Question is: Is Self changing because he simply doesn’t have any back-to-the-basket scorers? Or is he starting to realize his recruiting efforts are drying up because recruits aren’t interested in the hi/lo?
As far as 5s go… most 5s want to be the next Kevin Durant. Even if there is no way they could ever develop into being another Kevin Durant, they still have that ambition. And if they are a star 5 recruit, then chances are it isn’t because of their back-to-the-basket moves. Who the heck in HS has those moves? Right… VERY FEW OR NONE! The fact that they don’t bring those skills with them to college should be all the indication we need to not use an offense heavily focused on back-to-the-basket scoring.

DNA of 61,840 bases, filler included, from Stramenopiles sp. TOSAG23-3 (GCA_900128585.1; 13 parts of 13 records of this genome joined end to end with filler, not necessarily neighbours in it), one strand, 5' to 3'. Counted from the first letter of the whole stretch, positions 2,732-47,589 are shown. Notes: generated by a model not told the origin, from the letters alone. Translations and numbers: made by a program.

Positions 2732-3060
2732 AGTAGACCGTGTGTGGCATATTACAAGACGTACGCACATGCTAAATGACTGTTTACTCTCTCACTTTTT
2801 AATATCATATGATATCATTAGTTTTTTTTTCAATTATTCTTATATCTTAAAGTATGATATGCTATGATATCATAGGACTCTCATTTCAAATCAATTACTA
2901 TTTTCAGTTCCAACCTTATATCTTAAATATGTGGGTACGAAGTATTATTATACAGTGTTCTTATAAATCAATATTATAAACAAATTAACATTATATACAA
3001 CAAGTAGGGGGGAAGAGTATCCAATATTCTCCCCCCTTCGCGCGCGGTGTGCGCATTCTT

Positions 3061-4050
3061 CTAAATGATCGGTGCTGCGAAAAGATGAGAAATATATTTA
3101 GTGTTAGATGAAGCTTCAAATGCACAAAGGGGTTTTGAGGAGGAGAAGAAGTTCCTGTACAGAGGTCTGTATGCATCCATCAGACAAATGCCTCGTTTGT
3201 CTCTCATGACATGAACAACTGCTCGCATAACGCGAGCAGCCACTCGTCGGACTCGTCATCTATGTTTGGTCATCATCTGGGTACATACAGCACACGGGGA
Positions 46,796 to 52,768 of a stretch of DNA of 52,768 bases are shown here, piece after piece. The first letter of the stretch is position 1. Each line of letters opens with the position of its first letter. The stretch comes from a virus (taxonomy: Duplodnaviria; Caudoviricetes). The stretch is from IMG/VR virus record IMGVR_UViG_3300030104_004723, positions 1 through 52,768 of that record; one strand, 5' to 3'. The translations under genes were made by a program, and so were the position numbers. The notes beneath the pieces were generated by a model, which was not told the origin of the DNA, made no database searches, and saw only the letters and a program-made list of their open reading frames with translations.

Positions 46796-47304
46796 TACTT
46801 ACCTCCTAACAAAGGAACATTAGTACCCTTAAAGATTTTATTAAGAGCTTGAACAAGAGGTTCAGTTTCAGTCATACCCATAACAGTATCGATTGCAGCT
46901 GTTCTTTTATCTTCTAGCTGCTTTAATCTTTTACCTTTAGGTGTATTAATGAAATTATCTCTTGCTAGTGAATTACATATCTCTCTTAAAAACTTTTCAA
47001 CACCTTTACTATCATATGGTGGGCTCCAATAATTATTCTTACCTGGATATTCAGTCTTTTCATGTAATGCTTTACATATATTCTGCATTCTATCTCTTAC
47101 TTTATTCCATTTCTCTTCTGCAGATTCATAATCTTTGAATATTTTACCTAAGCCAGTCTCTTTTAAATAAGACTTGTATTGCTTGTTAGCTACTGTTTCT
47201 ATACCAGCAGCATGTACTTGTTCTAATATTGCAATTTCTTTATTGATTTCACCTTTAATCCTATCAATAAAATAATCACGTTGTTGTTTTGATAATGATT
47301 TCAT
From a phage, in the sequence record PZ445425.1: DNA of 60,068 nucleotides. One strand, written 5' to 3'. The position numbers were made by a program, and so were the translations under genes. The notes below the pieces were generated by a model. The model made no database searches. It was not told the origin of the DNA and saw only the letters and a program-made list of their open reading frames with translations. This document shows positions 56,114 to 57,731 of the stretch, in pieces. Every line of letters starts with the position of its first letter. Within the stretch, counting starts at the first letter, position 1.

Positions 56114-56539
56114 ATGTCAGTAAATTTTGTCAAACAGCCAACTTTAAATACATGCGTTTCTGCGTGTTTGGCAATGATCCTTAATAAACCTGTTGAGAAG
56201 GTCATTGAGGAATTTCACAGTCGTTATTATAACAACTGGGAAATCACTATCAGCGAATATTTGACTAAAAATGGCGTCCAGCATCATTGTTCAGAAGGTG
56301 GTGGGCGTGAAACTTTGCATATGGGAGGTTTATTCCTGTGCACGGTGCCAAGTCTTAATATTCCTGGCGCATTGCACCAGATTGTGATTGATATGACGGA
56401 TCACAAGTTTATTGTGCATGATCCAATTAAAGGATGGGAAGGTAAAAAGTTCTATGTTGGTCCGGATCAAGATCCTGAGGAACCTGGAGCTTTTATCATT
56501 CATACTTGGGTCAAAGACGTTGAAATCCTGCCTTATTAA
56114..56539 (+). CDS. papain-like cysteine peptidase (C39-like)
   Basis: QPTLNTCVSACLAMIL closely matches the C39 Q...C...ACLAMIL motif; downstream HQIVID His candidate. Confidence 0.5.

Just watch some NBA. The game is hardly played in the paint now. Back-to-the-basket is being replaced with “finishing at the rim”… more like how we sometimes use Jamari Traylor. That guy couldn’t make 20% of his attempts with back-to-the-basket moves, but get him facing the basket with space to drive, and he can use his quickness in the post to sometimes finish a drive off the glass.
This is just one more reason why I want to sign Udoka. Here is a guy that better be looking REALISTICALLY at his NBA potential. Big, wide bodies like his hardly exist any longer and there is a reason for that. His game is in the post and he could really develop his offensive post presence at Kansas.
But all the other D1 schools hard after him are probably trying to convince him he is the next Kevin Durant… feeding the ego while they offer him a very inferior opportunity.
Duke admissions demand an accumulative 34 on your ACT’s. Do the basketball players also have to be held to the highest standards for entry? KU admissions is accumulative 24.
Not when recruited. The consensus was he was a project that had to change high schools to get playing time.
Embiid was one of the rare nonlinear developing 5s.